Although Mirzā Ḥosayn Khan’s reforms did not survive his dismissal in 1876, the shah had not lost interest. In 1877, he established by decree a committee of ulema and government officials to codify the šariʿa, which produced no tangible results. In 1880, Nāṣer-al-Din Shah issued a decree to revive the divān-e ʿadālat and emphasized its supreme authority in judicial matters. In 1882, a forcefully phrased edict reiterated the same, indicating that the previous edict had been abortive. However, this one did not make an impact either. By 1880, there was a maẓālem court, an investigative court, and a number of specialized courts. However, the re-introduction of the office of grand vizier reduced the role of the minister of justice essentially to that of a sinecure (Floor, 1983a, p. 124). In March 1888, Nāṣer-al-Din Shah issued a decree guaranteeing the security of life and property of all his subjects. Because there was no follow-up, this decree also remained a dead letter. In 1889 Nāṣer-al-Din Shah created a committee to draw up a law book based on a European model and appointed his brother, ʿAbbās Mirzā Molkārā, as its chairman. However, due to strong opposition by, inter alia, the grand vizier Mirzā ʿAli-Aṣḡar Khan Amin-al-Solṭān, the recommendations of the committee were rejected by the shah. In 1892, the shah asked for proposals to improve the judicial system, and Mirzā Yaḥyā Khan Mošir-al-Dawla, the minister of justice and trade was ordered to establish an ʿadālat-ḵāna (Amin-al-Dawla, p. 164; Floor 1983a, p. 125). However, this also proved to be a non-starter, and thus by the time of his death Nāṣer-al-Din Shah had accomplished very little in terms of substantive changes in the operation of the judicial apparatus. In the years leading up to the Constitutional Revolution, further attempts at judicial reforms, proposals to establish a code of laws, and demands for an ʿadālat-ḵāna, all led to nothing. A proposal to improve the functionality of the mixed courts through a code of laws, which dealt with cases between Persian subjects and foreigners, was opposed by the ulema, who considered such a code not to be in accordance with the šariʿa. It was also opposed by Russia, because it was contrary to the Treaty of Torkamānčāy (FO 416/26, 23/12/1905).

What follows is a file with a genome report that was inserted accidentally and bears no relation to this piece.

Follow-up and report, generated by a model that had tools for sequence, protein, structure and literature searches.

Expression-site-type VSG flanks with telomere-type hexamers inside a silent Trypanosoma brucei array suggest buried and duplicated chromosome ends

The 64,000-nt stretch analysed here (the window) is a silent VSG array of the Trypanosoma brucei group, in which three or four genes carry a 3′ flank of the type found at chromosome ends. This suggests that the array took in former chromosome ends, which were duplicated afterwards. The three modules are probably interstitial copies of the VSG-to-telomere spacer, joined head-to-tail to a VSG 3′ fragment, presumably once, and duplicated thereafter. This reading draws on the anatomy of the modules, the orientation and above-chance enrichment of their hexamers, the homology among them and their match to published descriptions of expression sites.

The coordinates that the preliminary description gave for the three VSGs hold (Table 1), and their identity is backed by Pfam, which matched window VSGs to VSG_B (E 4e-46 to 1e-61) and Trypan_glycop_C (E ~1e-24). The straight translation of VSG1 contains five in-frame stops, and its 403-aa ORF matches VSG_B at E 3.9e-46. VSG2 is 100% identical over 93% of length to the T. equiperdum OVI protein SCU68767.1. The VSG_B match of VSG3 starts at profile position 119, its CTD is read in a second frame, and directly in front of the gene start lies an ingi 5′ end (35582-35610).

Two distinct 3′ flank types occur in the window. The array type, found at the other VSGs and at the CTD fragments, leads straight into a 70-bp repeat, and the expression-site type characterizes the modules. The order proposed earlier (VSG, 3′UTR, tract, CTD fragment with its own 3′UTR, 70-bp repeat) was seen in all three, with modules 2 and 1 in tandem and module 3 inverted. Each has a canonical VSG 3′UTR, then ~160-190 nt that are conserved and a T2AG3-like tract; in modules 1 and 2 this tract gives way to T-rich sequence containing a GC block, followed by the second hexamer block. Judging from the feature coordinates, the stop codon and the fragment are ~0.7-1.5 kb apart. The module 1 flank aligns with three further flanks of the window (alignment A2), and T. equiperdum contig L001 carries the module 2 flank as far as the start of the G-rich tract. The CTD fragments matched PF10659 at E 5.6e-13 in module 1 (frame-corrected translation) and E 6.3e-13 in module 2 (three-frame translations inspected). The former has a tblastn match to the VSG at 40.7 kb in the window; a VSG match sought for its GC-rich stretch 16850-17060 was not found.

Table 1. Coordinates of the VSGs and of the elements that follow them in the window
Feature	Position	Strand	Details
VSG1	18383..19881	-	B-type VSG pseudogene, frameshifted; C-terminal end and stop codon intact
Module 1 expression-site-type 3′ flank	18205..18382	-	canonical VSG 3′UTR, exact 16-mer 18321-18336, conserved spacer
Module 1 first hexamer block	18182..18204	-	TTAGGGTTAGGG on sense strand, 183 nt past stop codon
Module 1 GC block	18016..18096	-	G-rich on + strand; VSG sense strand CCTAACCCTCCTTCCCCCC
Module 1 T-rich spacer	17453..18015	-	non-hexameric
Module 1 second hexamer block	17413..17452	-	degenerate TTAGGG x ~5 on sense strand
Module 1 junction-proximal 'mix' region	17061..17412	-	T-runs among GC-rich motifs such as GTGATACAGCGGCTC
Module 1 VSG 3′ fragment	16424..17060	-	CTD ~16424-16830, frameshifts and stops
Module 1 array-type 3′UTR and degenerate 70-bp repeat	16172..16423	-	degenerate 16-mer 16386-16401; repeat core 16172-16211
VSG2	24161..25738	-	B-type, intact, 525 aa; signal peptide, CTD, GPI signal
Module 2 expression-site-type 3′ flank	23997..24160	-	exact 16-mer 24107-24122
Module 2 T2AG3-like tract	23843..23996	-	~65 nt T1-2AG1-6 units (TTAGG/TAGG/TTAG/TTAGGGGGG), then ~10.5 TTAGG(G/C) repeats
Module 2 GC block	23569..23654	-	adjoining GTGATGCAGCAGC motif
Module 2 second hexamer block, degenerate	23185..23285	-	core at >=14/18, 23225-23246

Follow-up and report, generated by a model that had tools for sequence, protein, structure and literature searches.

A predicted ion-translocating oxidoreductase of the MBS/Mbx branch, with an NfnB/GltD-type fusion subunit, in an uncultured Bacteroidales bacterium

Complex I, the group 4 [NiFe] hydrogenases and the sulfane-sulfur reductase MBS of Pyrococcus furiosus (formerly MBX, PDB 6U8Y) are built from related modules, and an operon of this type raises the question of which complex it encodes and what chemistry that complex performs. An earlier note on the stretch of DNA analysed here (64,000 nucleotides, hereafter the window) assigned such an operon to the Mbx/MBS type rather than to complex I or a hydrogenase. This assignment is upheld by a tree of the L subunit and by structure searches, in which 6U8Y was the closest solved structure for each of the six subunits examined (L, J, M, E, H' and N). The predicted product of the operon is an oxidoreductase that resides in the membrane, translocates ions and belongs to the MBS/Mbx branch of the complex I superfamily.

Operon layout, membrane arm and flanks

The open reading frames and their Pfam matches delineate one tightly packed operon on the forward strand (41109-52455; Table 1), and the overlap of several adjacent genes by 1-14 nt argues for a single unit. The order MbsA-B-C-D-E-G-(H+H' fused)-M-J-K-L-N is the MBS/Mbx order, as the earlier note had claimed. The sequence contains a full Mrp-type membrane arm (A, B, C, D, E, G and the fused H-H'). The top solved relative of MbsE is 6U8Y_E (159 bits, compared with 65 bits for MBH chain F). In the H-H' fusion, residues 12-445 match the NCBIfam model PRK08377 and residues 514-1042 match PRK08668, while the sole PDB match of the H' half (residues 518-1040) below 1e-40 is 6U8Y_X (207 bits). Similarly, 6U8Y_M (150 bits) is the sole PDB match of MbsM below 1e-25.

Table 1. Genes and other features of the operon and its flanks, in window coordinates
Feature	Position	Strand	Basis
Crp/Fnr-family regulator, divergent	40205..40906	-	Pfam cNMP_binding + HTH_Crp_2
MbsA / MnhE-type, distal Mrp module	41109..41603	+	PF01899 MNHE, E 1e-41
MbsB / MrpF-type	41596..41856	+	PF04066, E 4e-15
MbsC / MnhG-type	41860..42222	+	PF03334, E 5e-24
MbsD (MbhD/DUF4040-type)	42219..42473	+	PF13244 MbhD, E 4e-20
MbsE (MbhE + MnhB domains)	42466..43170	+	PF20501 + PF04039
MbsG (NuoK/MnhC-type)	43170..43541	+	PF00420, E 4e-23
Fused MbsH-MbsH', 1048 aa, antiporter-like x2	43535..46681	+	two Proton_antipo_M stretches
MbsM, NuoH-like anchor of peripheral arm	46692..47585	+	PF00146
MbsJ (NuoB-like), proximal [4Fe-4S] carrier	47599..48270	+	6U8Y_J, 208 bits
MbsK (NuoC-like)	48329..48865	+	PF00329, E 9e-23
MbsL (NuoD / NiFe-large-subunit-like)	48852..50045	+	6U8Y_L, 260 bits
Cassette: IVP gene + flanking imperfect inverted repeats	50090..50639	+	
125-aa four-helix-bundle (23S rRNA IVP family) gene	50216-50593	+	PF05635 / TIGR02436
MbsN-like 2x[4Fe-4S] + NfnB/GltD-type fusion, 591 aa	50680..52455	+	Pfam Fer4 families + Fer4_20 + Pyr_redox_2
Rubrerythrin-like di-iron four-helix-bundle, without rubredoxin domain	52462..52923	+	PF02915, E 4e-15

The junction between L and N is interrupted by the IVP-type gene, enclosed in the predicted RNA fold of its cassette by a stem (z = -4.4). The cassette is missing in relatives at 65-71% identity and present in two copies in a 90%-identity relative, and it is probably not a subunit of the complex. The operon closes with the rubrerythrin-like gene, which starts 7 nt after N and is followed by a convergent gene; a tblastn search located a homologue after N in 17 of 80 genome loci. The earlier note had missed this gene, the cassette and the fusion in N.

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(Willem Floor)

Originally Published: September 15, 2009

Last Updated: September 15, 2009